The cast of Lour Yasin’s original musical AREA D practiced for their final performance. (Photo courtesy of Sari Klainberg.)

AREA D, Lour Yasin

Yasin wrote, composed, and is now directing and acting in her original musical AREA D, a preliminary version of which premiered during last year’s In the Room workshop series. The musical tells the story of four young Palestinians aspiring to take down what she described as an oppressive and discriminatory system by winning Israel’s Eurovision competition. Yasin described how, through a mix of comedy and her creation of  “Rock-Eastern-Broadway fusion” music, she is working to promote the representation of Palestinians in theatre and entertainment.  

As a Palestinian student, Yasin said it was important to assemble a production team with people who understood her pro-Palestine perspective. “I always intended for this musical to have racially blind casting, but it’s really important to me that the actors themselves have an understanding of the political situation [that the show references],” she said. 

She added that the musical format of the play will provide an accessible way for audiences to digest the political commentary of the production. “I grew up in Jerusalem, so the show is written from my own experience,” she said. “I feel like in today’s media, people still don’t want to listen to Palestinians. When you  do speak up, they say it can’t be that bad, but it actually is. I think the musical is trying to explain that, but in a more lighthearted way. That’s one of the ways I can help people who are so detached from it digest the information.”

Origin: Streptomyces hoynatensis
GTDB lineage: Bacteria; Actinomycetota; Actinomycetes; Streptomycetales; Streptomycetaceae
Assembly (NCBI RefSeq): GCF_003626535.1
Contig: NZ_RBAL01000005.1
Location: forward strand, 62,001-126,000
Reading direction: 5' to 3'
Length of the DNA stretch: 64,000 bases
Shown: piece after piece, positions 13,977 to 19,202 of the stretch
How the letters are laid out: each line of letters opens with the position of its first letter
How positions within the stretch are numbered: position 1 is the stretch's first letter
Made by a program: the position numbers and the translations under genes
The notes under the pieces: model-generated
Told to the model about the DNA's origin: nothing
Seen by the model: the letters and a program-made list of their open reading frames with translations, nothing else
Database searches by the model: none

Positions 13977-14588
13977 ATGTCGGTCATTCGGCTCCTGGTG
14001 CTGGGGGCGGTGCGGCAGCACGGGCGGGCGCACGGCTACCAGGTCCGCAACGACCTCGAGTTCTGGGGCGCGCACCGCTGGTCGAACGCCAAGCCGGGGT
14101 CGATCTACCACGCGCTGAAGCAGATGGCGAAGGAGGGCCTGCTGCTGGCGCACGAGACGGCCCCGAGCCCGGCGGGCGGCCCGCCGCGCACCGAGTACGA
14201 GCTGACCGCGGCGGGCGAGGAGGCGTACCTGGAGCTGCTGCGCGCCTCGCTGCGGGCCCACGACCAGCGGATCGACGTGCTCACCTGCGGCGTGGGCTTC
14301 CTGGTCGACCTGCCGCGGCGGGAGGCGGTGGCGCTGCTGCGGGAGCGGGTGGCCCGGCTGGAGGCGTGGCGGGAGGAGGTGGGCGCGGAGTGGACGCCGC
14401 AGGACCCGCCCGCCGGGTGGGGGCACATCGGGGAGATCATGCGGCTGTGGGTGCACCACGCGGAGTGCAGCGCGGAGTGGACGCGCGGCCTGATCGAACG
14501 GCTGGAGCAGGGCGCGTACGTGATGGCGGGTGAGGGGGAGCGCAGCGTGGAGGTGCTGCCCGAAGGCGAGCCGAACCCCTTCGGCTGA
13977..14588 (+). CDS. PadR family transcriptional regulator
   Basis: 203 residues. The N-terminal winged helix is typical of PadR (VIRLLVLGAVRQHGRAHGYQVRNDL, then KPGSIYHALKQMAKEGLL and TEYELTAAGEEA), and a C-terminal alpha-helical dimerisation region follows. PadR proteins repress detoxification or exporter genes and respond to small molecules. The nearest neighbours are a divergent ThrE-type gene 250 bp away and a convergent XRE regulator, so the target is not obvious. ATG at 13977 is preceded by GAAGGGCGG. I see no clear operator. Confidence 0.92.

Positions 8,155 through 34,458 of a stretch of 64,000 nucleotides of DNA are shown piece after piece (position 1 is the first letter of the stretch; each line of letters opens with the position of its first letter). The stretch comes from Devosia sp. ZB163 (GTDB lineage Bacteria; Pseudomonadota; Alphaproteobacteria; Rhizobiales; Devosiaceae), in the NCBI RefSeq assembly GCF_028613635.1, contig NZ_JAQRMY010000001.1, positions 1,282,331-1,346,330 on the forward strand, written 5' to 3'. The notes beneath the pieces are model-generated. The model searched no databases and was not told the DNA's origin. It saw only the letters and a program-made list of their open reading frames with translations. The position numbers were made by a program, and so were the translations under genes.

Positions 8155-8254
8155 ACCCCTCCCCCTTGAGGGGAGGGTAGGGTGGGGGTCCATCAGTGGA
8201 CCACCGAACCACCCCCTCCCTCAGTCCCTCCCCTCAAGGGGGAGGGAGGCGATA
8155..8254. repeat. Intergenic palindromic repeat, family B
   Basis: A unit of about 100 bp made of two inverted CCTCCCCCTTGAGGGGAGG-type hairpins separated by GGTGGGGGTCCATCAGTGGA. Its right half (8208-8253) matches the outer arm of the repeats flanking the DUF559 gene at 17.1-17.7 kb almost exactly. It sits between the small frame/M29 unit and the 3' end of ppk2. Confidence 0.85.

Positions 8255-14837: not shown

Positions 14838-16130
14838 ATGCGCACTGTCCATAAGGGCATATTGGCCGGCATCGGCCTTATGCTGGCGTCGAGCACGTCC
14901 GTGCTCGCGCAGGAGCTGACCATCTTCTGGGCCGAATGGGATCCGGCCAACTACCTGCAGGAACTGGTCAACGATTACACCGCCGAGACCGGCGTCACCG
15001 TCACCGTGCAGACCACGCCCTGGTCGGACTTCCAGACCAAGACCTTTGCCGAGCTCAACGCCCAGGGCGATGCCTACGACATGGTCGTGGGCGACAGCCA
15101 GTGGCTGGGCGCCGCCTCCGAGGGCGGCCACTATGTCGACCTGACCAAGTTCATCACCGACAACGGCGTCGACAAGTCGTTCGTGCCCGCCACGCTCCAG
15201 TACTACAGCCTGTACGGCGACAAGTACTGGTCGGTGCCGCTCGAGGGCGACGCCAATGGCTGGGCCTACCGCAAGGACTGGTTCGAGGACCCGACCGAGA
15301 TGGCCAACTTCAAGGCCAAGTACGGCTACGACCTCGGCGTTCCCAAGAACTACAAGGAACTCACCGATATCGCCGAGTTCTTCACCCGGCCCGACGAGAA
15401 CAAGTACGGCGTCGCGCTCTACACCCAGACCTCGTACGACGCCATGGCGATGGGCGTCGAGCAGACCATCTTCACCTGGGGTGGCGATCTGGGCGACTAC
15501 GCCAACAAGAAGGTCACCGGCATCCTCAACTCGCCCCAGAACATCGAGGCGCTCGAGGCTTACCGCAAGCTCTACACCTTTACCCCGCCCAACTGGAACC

Yasin hopes to continue developing AREA D after graduating from the College  and to one day take it to Broadway. “I am willing to let go of a lot of things in it for the sake of pushing the agenda forward — having more perspectives on what happens in Palestine rather than just pro-Israeli or neutral perspectives,” she said. “I don’t believe [Broadway is] pushing the narrative forward or allowing [Palestinian] people to have representation and visibility.”